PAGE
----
Copyright
Easton (N.H.).

Annual report for the Town of Easton, New Hampshire (Volume 1966) online

. (page 2 of 2)
Online LibraryEaston (N.H.)Annual report for the Town of Easton, New Hampshire (Volume 1966) → online text (page 2 of 2)
Font size
QR-code for this ebook


$


117.13


Balance on hand Dec. 31, 1966


$


181.93


JANE K.


CUTTER, Treasurer



AUDITOR'S STATEMENT

This is to certify that I have examined the books,
vouchers, bank statements, and other financial records of
the Town of Easton for the fiscal year ending December
31, 1966 and find them correct to the best of my knowledge
and belief.

(Mrs.) ALICE SHEPARD,

Auditor.



26



PROGRAM OF THE WHITE MOUNTAINS REGION
ASSOCIATION 1966 (29th year)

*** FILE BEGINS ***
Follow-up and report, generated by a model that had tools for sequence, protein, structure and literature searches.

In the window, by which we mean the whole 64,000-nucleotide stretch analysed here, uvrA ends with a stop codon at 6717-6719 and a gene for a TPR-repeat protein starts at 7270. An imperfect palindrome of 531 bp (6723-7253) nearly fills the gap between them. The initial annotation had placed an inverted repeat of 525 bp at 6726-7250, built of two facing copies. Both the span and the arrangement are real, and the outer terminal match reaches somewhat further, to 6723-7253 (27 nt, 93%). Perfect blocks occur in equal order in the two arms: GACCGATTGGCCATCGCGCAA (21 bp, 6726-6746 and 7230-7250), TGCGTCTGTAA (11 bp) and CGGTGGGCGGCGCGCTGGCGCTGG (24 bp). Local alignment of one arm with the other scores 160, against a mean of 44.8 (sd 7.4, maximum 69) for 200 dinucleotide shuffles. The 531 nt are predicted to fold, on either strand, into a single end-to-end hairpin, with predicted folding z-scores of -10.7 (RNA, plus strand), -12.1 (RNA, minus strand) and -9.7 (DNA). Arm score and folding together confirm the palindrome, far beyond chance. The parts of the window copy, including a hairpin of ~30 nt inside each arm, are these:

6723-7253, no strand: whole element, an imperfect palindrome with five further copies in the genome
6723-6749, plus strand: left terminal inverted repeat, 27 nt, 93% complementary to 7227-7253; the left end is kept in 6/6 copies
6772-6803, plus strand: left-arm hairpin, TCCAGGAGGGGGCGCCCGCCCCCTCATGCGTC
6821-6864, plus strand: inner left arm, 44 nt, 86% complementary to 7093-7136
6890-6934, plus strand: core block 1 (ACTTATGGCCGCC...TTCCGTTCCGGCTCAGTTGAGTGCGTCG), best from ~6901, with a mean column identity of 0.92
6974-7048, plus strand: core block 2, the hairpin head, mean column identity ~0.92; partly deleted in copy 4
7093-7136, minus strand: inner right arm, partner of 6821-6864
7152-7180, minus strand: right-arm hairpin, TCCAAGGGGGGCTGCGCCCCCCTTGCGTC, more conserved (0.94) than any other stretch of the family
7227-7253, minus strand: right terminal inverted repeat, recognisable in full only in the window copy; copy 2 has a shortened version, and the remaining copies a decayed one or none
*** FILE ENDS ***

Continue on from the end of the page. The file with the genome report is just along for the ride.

Printed and distributed more than 300, 000 folders and booklets
promoting the White Mountains Region.

Received and answered 15,000 individual inquireswhich repre-
sents an increase of more than one hundred per cent over last year.

Wrote sixteen news releases for the use of local media and
five newsletters to the members, promoting economic development
ideas in the region.

Supported the 4-H awards program to encourage development
of agriculture.

Assisted in programs of natural beauty and good land-use prac-
tices.

Presently am initiating a program of ski area engineering re-
search to combat the snow erosion problems at ski areas.

Worked in cooperation with many other groups working to pro-
mote the economy of the White Mountains Region and the State of
New Hampshire.

Respectfully submitted,
John P. Wilson
Executive Secretary
Lancaster, New Hampshire



27



ANNUAL REPORT

of the

EASTON SCHOOL DISTRICT

For Year Ending December 31, 1966

DISTRICT OFFICERS

School Board

Mrs. Olive Nelson, Chairman Term Expires 1967

Mr. Jack Kenney Term Expires 1968

Mr. Kenneth H. Westhaver Term Expires 1969

OTHER DISTRICT OFFICERS

Mrs. Helene Schultze Moderator

Miss Jane Cutter Treasurer

Mrs. Helen Young Clerk

Mrs. Margaret Whitcomb Auditor

Mrs. Margaret Whitcomb Attendance Officer